Godsomware Ransomware Description
PC security researchers first observed the Godsomware Ransomware, a ransomware Trojan, on October 6, 2018. Threats like the Godsomware Ransomware can be installed on a targeted computer in many different ways. The most common ways in which the victims of the Godsomware Ransomware have become infected by this threat is after opening an unsolicited email attachment, delivered through spam email or via cracked copies of pirated software and PC games. These are common ways of delivering threats, and computer users are urged to take care when dealing with this content type. The initial wave of the Godsomware Ransomware attacks does not include encryption capabilities and is more of a lock screen than an encryption ransomware Trojan. However, it is not difficult to add encryption capabilities to these threats, and it is common for lock screen Trojans to include this capability eventually as criminals continue developing them.
How the Godsomware Ransomware Attacks a Computer
The Godsomware Ransomware seems to behave like a prank program rather than a serious threat. Threats like these were noticed in the early 2000s, often distributed via emails. They would take the form of email attachments that display images, texts, and audio on the victim's computer while disabling input devices such as the keyboard or the infected computer's mouse. The Godsomware Ransomware differs from most encryption ransomware Trojans in the fact that these typically target specific file types, using a strong encryption method to prevent the victim from accessing the files' contents. Rather than doing this, the Godsomware Ransomware simply prevents the victim from using the affected computer as normal.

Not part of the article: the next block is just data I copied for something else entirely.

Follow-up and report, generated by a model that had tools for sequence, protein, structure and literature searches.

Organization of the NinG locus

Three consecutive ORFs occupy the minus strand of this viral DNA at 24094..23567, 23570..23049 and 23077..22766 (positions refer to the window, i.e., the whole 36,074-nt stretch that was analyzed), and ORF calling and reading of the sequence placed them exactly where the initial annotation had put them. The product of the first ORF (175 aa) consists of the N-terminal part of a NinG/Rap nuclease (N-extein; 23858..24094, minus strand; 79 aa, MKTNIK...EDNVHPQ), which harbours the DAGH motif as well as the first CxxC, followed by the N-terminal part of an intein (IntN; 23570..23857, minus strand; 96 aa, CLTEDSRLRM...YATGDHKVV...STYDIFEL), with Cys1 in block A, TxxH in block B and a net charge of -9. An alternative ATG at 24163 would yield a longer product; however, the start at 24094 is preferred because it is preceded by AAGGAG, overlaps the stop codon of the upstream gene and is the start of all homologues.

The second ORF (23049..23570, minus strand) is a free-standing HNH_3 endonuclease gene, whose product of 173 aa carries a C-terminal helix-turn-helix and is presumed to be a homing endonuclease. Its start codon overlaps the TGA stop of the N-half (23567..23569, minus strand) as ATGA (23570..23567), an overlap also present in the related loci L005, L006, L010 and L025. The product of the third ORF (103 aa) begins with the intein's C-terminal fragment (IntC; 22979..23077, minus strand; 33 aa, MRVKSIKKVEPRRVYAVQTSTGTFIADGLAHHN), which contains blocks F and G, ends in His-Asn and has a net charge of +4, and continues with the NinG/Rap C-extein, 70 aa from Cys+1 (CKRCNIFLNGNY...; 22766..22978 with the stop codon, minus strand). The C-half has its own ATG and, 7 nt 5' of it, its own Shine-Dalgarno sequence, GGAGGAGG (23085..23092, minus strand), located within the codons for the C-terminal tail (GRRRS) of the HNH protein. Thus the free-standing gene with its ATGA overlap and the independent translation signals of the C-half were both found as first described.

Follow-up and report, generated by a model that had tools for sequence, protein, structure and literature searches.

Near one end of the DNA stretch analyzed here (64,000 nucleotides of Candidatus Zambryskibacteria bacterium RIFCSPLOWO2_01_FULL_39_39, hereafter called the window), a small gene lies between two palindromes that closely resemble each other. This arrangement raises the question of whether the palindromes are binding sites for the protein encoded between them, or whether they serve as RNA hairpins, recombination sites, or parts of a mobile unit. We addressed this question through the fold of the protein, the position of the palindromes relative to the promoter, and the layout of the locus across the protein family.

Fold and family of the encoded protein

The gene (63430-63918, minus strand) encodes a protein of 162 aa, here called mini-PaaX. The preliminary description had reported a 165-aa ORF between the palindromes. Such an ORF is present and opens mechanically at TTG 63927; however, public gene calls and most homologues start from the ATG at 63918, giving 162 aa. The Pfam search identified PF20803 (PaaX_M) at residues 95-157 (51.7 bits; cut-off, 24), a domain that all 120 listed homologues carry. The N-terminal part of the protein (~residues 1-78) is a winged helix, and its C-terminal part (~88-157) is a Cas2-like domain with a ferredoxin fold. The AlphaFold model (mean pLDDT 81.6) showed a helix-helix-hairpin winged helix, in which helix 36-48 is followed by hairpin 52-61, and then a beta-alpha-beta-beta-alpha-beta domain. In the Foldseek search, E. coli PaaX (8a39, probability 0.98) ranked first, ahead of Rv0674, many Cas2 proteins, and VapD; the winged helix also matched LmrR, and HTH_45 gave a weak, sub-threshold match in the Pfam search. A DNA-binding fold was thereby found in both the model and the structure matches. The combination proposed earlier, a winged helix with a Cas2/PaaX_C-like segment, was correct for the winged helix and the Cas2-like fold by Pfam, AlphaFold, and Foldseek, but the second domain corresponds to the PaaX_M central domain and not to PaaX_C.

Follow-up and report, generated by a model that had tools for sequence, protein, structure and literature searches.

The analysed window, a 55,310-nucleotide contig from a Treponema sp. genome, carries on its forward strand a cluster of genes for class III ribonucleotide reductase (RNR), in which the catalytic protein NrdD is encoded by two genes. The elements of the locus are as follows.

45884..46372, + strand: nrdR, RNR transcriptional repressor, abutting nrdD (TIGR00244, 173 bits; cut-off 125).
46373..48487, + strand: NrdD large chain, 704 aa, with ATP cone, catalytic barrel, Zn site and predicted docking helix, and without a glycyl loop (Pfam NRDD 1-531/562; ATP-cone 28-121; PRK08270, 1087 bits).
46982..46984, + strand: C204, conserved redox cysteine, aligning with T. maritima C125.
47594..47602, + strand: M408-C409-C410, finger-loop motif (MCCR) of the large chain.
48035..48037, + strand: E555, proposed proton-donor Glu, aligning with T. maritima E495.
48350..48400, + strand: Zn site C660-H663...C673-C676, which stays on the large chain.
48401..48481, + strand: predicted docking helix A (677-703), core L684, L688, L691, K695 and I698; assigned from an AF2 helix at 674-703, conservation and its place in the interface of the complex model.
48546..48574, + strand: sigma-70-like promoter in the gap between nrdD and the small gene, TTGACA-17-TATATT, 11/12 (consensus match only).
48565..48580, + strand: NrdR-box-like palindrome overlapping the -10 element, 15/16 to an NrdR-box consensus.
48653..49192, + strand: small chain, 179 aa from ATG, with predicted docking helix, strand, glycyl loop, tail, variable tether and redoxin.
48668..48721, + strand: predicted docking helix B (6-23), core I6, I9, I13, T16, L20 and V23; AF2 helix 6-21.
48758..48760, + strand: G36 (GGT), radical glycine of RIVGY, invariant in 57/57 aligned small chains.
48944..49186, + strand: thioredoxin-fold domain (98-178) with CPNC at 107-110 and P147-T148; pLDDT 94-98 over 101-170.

Symptoms of Attacks Like the Godsomware Ransomware
Computer users have reported that the Godsomware Ransomware will fill the affected computer with GIF animations and display numerous windows with unwanted pictures on the infected PC. Victims of the Godsomware Ransomware will continue to have access to the Windows Task Manager, and their mouses will remain operational. The Godsomware Ransomware displays a ransom note that seems to be similar to the one exhibited by the WannaCry Ransomware, a high-profile encryption ransomware Trojan. Some versions of the Godsomware Ransomware also will display a fake ransom note that claims that it is necessary to pay 100 USD using Bitcoin, claiming that the victim's files were encrypted. However, these messages should be ignored; the Godsomware Ransomware in its current form is not capable of encrypting data.
Dealing with Threats Like the Godsomware Ransomware
If your machine has been infected with the Godsomware Ransomware, the best protection is to have a security program capable of dealing with threats like the Godsomware Ransomware. It is also crucial to have other security components such as a reliable firewall and anti-spam filter. Threats like the Godsomware Ransomware are often distributed through corrupted file downloads and spam email attachments so that learning to deal with this content is essential. Fortunately, it is possible to remove the Godsomware Ransomware lock screen through the use of the password 29b579fb811f05c3c334a2bd2646a27a, which will disable the Godsomware Ransomware lock screen immediately. However, even after this is done, the computer user should take steps to ensure that all components linked to the Godsomware Ransomware are removed completely and thoroughly. Threats like the Godsomware Ransomware are rarely installed by themselves, and it is likely that other threats may have found their way onto the targeted computer. After stopping the Godsomware Ransomware lock screen, computer users need to take steps to remove all traces of other threats by running a full, thorough scan of their hard drives with a security application. It is also necessary to check any application and operating system settings and restore them to their defaults if these have been changed in any way by the Godsomware Ransomware.